DeGrazia at Christmas

Born in Arizona in 1909 just before it became an American state, Ettore (Ted) DeGrazia can be said to have grown up with the state. All was new and alluring, Native Americans and Mexicans, a desert landscape of varying moods, the tall tales of an adventurous people – all the subjects of his later paintings.

But not at first. His father, an immigrant from Italy, worked in an underground copper mine, and young DeGrazia joined him at toil there. From sunrise to sunset he saw no light. That he must have, he decided, considering the art that was to come.

DeGrazia Little Madonna photo by

Above ground he attended the University of Arizona, where his first works caught the eye of famed Mexican muralist and devout communist Diego Rivera. Under his influence, DeGrazia created his own political mural, “Power of the Press,” which suggested he was still somewhat underground. In somber dark colors skeletons trampled over happiness, the four horsemen of the apocalypse galloped over snakes slithering through books. It was promptly whitewashed by an indignant university and lost to posterity.

DeGrazia Little Prayer Photo by

But DeGrazia was just getting started. He discovered every day life and how! You name the humdrum subject, he painted it. One day a belligerent man accosted him at a restaurant: “Who do you think you are, saying you can paint on anything?” In  response, DeGrazia took a tortilla out of a basket and painted on it. Missing a rare opportunity, the irate accuser stormed off, leaving behind the tortilla, which now rests at the Gallery in the Sun in Tucson, no doubt the most valued tortilla in existence.

Early on, a desperate DeGrazia put his paintings on sale at a busy intersection in Tucson, even leaving some overnight. The next morning they were still there. “The don’t even steal my paintings,” he complained. That was to change dramatically when he switched his subject matter from Diego and skeletons to winsome, playful, devout little children who seemed to bask in innocence. They were perfect for Christmas cards as UNICEF discovered when it sent out many millions of greetings featuring DeGrazia’s “los Ninos,” a circle of children dancing hand in hand. DeGrazia found his metier along with fame and fortune. But not to critical acclaim. He apparently had committed the offense of being too popular. Who does he think he is? scoffed a lofty art establishment. Bring back Diego who was at least serious. But DeGrazia stuck to his ways and his locale, a cheerful adobe home outside Tucson. He even turned down a show in Cannes, France, as too far removed from his life and work. “I was born in the Southwest and I live it with a passion,” he explained. He was an artist of a particular time and place, and there he stayed and there he will be remembered.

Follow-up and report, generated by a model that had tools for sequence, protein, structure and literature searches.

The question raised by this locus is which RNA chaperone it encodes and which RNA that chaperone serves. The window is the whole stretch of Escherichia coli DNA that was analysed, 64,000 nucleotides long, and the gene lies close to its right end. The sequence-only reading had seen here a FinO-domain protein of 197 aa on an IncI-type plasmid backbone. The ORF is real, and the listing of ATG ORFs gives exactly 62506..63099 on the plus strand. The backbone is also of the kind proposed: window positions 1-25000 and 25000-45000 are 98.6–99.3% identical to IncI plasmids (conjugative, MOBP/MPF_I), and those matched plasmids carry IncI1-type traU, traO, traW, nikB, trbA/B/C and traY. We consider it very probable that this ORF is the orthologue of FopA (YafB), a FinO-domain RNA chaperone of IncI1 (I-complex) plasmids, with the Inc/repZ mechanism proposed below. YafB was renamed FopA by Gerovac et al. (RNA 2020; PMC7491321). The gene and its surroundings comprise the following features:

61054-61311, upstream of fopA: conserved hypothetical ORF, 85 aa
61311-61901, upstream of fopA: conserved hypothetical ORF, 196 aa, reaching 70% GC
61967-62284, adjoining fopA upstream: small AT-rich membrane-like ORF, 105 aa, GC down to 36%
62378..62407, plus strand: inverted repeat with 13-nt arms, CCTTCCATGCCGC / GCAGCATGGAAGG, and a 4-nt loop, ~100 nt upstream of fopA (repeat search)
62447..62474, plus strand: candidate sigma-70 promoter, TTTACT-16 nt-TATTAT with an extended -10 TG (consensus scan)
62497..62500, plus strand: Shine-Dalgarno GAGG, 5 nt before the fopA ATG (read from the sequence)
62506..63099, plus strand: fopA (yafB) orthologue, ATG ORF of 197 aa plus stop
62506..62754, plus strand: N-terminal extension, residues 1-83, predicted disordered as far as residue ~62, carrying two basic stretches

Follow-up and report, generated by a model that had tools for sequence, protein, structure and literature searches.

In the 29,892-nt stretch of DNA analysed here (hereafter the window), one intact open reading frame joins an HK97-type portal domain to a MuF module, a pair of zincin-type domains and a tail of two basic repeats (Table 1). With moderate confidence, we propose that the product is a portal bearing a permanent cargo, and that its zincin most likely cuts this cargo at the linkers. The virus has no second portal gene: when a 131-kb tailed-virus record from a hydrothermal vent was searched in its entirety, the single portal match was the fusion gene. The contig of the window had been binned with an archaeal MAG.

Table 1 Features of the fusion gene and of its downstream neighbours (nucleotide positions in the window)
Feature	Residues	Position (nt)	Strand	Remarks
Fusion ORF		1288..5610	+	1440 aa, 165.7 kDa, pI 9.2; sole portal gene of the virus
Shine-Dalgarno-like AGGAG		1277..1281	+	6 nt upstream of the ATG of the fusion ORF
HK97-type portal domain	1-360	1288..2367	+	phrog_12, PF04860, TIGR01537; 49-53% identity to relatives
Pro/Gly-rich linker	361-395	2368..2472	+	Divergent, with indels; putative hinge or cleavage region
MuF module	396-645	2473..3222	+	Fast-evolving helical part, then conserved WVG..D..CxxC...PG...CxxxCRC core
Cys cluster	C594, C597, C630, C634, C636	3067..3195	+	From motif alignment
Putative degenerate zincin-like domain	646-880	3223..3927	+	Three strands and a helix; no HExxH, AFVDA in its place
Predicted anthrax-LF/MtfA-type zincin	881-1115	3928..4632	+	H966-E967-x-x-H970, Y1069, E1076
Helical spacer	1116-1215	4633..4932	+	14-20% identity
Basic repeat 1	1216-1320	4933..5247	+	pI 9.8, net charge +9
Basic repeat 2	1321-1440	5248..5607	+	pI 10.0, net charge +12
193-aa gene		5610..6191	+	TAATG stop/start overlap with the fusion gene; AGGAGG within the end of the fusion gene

Is Revolution Ahead?

After career criminal Darrell Brooks, a black American, drove his car into a group of white people in Waukesha, Wisconsin, injuring dozens, killing six that we know of, a supporter said it sounds like the revolution has started. What kind of revolution does he have in mind? He doesn’t say, but there was one notoriously based on crime; namely, the Russian Revolution of 1917. Does that serve as a model for Darrell Brooks?

A top leader of the revolutionary Bolsheviks was Josef Stalin, who in his native  Georgia had pursued a career of crime almost without compare m the region. You name it – robbery, arsen, extortion, murder – he did it. Then he transferred those skills to the budding Russian Revolution in the middle of the turmoil of the First World War.

Whatever its ideological motivation, the Revolution would not have succeeded without Stalin’s criminal genius. That in turn took him to the top of Russia’s new communist government from where he compounded his crimes by massacring much of his own population, including fellow revolutionaries. Such is his example.

It may seem ridiculous to connect a minor American career criminal with the mighty ruler of the Soviet Union, but as Stalin well knew, revolutions have to start somewhere. The communists liked to portray the Tsarist regime they overthrew as uncompromisingly tyrannical, but compared to the state they constructed, it was carelessly permissive. Again and again, Stalin escaped serious punishment for major crimes, and his exile in Siberia was almost a holiday, a lapse he corrected with his own horrendous labor camps, the gulag.

Back to our local criminal. Brooks, too, was never seriously punished for his crimes, as he moved from one to the next, perhaps encouraging others to do the same. And he was one of many leniently treated by prosecutors financed by billionaire George Soros, a parallel to the wealthy backers of Bolshevism in Stalin’s time. America today is particularly viulnerable because many feel it must make up for past racial injustice by going easy on black crime today; hence, the lax treatment of  Brooks. But is that any favor to blacks or whites other than laying the groundwork for the hoped for revolution?

There’s no denying the deliberate attack on a group of innocent white people, largely women and children, aggravates already high racial tensions. That is what our would-be revolutionies want. This overlooks the fact that people of all races continue to work peacefully together on a daily basis in contemporary America. A small minority objects to this and always will. Just think if somewhere along the way, Stalin had actually been stopped. No revolution, no communist takeover, and the world might be a better place today.